If you've never had mascarpone cheese, it's what I imagine biting into a thick stratocumulus cloud would taste like: light and fluffy, but with a glossy heft.. Much like other fresh cheeses, including cottage cheese, queso blanco and cream cheese — which is probably the closest American equivalent to mascarpone — mascarpone is an acid-set cheese, which means it's coagulated using the milk's natural lactic acid or naturally-occuring acid.
In the case of mascarpone, it's traditionally made by adding a few tablespoons of lemon juice to a pint of heated heavy cream. The resulting flavor is, of course, deeply creamy with a slight citric tang. This makes it ideal for a variety of culinary applications, from spreading it on toasted bagel to whipping it into cheesecake.
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But my current favorite usage is adding a tablespoon or two to a batch of pasta sauce for a luxe, velvety touch. The flavors work exceptionally well with roasted vegetables, including roasted red peppers and tomatoes.
I use a mix of the two in this simply delicious sauce, which has only five ingredients (excluding salt and pepper and cooking oil). Jarred is great, as is the stuff you can buy off the olive bar at your supermarket. For pre-packaged, I like Murray's or Divina; you can also follow Ina Garten's recipe here for stellar results. Lightly caramelized shallots and chopped fennel add a real depth of flavor, too.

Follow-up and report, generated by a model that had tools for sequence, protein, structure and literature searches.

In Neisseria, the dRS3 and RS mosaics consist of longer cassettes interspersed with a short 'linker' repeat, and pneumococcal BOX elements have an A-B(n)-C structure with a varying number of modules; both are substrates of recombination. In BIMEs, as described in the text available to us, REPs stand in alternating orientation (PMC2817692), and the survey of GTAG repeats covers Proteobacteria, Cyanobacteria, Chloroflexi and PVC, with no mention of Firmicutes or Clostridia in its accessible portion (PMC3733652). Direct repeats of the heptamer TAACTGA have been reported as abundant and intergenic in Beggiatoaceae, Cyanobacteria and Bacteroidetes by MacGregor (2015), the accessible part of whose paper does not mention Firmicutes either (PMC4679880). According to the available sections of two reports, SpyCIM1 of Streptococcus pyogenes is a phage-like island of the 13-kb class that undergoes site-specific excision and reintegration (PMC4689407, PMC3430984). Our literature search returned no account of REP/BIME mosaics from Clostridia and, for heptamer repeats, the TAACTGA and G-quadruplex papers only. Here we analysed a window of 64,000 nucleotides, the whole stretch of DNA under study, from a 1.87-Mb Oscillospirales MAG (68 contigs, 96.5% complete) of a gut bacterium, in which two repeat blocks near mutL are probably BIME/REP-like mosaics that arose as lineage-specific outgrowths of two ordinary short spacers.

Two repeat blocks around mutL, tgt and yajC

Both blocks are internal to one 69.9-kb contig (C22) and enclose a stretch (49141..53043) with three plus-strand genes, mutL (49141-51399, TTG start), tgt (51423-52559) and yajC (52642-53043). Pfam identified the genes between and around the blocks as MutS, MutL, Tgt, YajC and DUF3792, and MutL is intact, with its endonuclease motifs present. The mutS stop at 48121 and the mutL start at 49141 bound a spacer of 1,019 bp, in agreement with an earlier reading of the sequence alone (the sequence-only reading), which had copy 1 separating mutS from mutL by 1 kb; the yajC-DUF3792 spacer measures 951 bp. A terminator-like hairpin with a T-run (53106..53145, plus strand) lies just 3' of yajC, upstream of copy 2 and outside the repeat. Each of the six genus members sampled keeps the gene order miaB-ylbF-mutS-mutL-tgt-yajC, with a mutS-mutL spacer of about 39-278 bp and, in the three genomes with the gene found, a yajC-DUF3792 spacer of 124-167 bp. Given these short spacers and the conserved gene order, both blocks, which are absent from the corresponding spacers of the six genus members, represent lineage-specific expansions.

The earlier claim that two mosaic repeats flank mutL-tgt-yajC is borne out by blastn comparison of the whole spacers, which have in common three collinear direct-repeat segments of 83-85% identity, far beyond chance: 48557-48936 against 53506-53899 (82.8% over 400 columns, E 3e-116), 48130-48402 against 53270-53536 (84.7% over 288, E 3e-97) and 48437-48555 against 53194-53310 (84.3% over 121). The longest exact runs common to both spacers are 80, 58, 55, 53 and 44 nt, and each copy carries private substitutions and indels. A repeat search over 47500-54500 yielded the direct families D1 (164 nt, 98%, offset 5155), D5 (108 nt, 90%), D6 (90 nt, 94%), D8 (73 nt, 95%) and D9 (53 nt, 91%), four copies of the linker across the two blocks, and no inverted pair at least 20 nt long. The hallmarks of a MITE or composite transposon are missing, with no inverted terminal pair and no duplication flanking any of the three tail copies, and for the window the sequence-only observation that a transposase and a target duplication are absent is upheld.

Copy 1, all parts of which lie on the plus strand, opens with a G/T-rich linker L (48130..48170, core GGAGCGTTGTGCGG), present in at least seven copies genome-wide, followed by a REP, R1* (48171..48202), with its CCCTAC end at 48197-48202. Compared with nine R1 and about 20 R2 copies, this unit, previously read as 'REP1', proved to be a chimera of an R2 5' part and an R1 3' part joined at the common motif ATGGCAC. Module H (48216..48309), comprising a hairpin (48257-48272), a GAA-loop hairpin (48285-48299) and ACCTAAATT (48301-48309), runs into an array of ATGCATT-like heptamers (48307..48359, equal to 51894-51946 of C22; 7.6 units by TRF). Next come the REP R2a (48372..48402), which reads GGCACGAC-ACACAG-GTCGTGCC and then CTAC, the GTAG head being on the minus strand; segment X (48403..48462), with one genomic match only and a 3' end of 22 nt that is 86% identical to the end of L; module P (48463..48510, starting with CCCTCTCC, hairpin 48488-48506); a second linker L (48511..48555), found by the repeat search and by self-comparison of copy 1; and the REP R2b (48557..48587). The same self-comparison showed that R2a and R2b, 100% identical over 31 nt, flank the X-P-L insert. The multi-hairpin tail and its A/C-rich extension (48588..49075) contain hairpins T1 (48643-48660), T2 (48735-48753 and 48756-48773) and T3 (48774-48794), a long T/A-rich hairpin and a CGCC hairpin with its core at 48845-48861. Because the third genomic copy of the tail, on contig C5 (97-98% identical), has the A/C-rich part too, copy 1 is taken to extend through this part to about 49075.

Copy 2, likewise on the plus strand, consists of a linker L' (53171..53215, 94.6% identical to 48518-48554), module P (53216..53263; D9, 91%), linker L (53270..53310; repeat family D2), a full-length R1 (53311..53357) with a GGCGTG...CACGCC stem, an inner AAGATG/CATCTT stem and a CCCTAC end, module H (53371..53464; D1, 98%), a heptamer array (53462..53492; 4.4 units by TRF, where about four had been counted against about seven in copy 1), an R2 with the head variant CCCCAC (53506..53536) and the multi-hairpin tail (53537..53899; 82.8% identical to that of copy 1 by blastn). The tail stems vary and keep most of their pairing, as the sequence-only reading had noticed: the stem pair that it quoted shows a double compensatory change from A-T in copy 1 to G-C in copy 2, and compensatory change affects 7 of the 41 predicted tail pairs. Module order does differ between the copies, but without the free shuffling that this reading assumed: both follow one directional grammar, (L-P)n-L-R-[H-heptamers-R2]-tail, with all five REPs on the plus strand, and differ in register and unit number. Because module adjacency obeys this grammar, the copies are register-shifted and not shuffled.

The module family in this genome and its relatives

Then comes a swirl of mascarpone, which makes the sauce impossibly creamy without it feeling too weighed down. This sauce served over basic pasta is a gorgeous meal in itself, but have fun with some additions. Fresh basil is always a good idea and hot Italian sausage would play really well with the fennel.
RECIPE: The Creamiest Red Pepper Pasta Sauce
Serves 4 to 6
- 1 16-ounce jar of roasted red peppers
- 7 ounces of roasted red tomatoes
- 1 bulb of fennel, roughly chopped
- 1 shallot, roughly chopped
- 2 tablespoons of mascarpone
- Extra virgin olive oil
- Salt and pepper to taste
1. In a saucepan over medium heat, add a glug or two of olive oil — just enough to coat the surface of the pan, and add the shallot and fennel. Cook until the edges are just browning on the fennel and the shallots are a little jammy, about five minutes.
2. Transfer the fennel and shallots to a food processor, along with the roasted red peppers (including the liquid from the jar) and roasted red tomatoes. Pulse the ingredients until they are fully blended.
3. Add the mascarpone to the sauce and blend again, until the pasta sauce takes on a smooth, cohesive consistency; color-wise, it will look a little bit like vodka sauce.
4. From here, add to your pasta of choice. Feel free to add a splash or two of reserved pasta water to the sauce to reach your desired consistency.
More Italian-American recipes:
- On Porchetta: An ode to the East Village stalwart
- Beyond Chicken parmesan? Notes on alt-milks and vegan cheese from an Italian kitchen
- Want impossibly crisp chicken parmesan? Try this simple sheet pan layering trick